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Rugby World Cup: France haven't got a hope

A nation expects. A 'stadium' of over four million people, the boast made by organisers of the original New Zealand World Cup bid for 2011, will watch the All Blacks attempt tomorrow to deliver the Rugby World Cup to this country for the first time in 24 years.

Amid feverish expectation, New Zealand is thinking of absolutely nothing else.

All forms of the media are saturated with World Cup news, talk and opinions.

Ordinary people in the streets, in cafes and restaurants discuss only one thing.

This Rugby World Cup has captured the imagination of the 'Land of the Long White Cloud', more than any other sporting event in history.

All that stands between the New Zealanders and deliverance is a French squad that has been riven with dissent in its camp almost from the first day of this tournament, six long weeks ago.

The French have spectacularly misfired, hopelessly underperformed, squabbled like school children and played abjectly. They have even been beaten twice on their lurching journey to the final.

Yet because they are seen as New Zealand's 'bete noire' at World Cups, having put out the All Blacks in 1999 and 2007, they have assumed the role in some quarters of potential destroyers of New Zealand's dream.

However, In 1999, France had a team able to play rugby that would have beaten anyone; they do not, this time.

In 2007, New Zealand really only had themselves to blame for their early exit for they failed to perform on the day in Cardiff.

For me, there has been only one likely winner all along.

New Zealand have been the best team in the world for the last four years and I fully expect them to confirm their superiority tomorrow before a capacity 60,000 at Eden Park.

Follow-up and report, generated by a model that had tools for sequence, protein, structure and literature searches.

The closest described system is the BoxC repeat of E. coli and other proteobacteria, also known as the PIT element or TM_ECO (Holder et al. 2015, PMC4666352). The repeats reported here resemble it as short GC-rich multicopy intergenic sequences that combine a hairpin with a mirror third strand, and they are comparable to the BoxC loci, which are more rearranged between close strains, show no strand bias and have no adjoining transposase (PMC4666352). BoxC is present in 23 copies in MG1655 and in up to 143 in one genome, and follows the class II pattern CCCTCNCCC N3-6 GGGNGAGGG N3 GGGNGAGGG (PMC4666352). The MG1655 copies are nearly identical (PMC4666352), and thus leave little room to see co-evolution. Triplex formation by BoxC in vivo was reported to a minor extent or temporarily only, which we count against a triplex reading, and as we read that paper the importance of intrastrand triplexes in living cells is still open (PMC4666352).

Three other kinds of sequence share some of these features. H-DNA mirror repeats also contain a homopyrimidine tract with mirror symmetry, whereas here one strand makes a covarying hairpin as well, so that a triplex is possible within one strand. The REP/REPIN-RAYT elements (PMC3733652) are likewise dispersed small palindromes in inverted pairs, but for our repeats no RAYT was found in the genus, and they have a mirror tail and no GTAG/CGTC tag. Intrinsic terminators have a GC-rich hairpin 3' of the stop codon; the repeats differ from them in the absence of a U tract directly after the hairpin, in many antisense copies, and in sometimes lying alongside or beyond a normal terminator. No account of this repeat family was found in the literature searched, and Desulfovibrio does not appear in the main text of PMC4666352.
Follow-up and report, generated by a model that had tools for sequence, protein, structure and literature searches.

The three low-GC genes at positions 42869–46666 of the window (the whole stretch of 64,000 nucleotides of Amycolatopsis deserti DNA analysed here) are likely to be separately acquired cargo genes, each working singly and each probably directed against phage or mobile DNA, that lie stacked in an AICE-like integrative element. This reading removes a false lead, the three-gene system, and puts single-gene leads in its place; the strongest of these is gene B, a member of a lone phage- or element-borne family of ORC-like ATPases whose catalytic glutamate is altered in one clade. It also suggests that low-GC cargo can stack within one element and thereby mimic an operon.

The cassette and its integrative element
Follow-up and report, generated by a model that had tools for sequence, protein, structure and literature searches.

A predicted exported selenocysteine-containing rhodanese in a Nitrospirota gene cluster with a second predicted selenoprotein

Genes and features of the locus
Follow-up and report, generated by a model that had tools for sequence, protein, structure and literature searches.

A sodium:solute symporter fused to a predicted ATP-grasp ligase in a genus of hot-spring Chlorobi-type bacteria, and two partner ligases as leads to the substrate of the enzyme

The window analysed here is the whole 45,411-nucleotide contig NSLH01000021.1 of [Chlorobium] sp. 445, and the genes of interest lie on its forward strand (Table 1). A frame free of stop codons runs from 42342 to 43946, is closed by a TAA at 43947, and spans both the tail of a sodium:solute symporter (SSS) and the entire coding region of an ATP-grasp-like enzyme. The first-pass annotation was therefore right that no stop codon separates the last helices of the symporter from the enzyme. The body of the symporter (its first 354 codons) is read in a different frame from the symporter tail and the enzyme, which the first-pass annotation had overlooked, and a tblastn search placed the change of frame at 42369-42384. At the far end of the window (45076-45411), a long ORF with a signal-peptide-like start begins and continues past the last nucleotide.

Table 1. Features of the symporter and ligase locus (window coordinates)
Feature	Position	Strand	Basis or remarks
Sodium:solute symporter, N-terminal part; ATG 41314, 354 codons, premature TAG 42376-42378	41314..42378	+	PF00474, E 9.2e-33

Quite by coincidence, this 2011 final brings together the two countries that contested the inaugural World Cup final, in 1987, also here in Auckland.

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Then, New Zealand won 29-9 and something similar is a very likely outcome this time.

For New Zealand to fail there will have to be a mass collapse in form by up to a dozen of their players. Man for man, they are better than the French in at least 12 or 13 positions on the field.

What' s more, they have a complete, all-round game, a compelling mixture of speed, forward power, intensity in the set pieces and at the breakdown and a livewire back line.

The attacking threat of their back three, brilliant full-back Israel Dagg (pictured) plus wings Corey Jane and Richard Kahui, represents a lurking danger to the French defence out wide.

New Zealand do not have the injured Dan Carter but the 22 year-old Manawatu player Aaron Cruden has stepped into the breach with cool aplomb.

Against Australia in the semi-final, admittedly behind a commanding pack of forwards which always helps, Cruden showed admirable composure, and plenty of attacking intent.

For the New Zealand coaching triumvirate of Graham Henry, Steve Hansen and Wayne Smith, the talking is all but over.

The preparations have been completed, the players know their roles down to the last iota of information.

Indeed, those qualities hallmark these All Blacks; they resemble a finely honed, smoothly efficient and powerful machine.

We are asked by some to believe that a French side that has given the impression for most of this World Cup that it didn't want to be here any longer than it had to, can suddenly find the inspiration to rise up and deny this nation its destiny.

It is stretching credibility to absurd proportions to believe France can finally win the Webb Ellis Trophy in this, their third final.

Confronting them is one of the toughest, best prepared, most determined yet attacking minded outfits the game has probably ever seen.

And if these talented All Blacks play with the verve and thrill of which they are eminently capable thereby sending a message to world rugby as to how this great game can really be played, then we should all share New Zealand's delight at their likely triumph.

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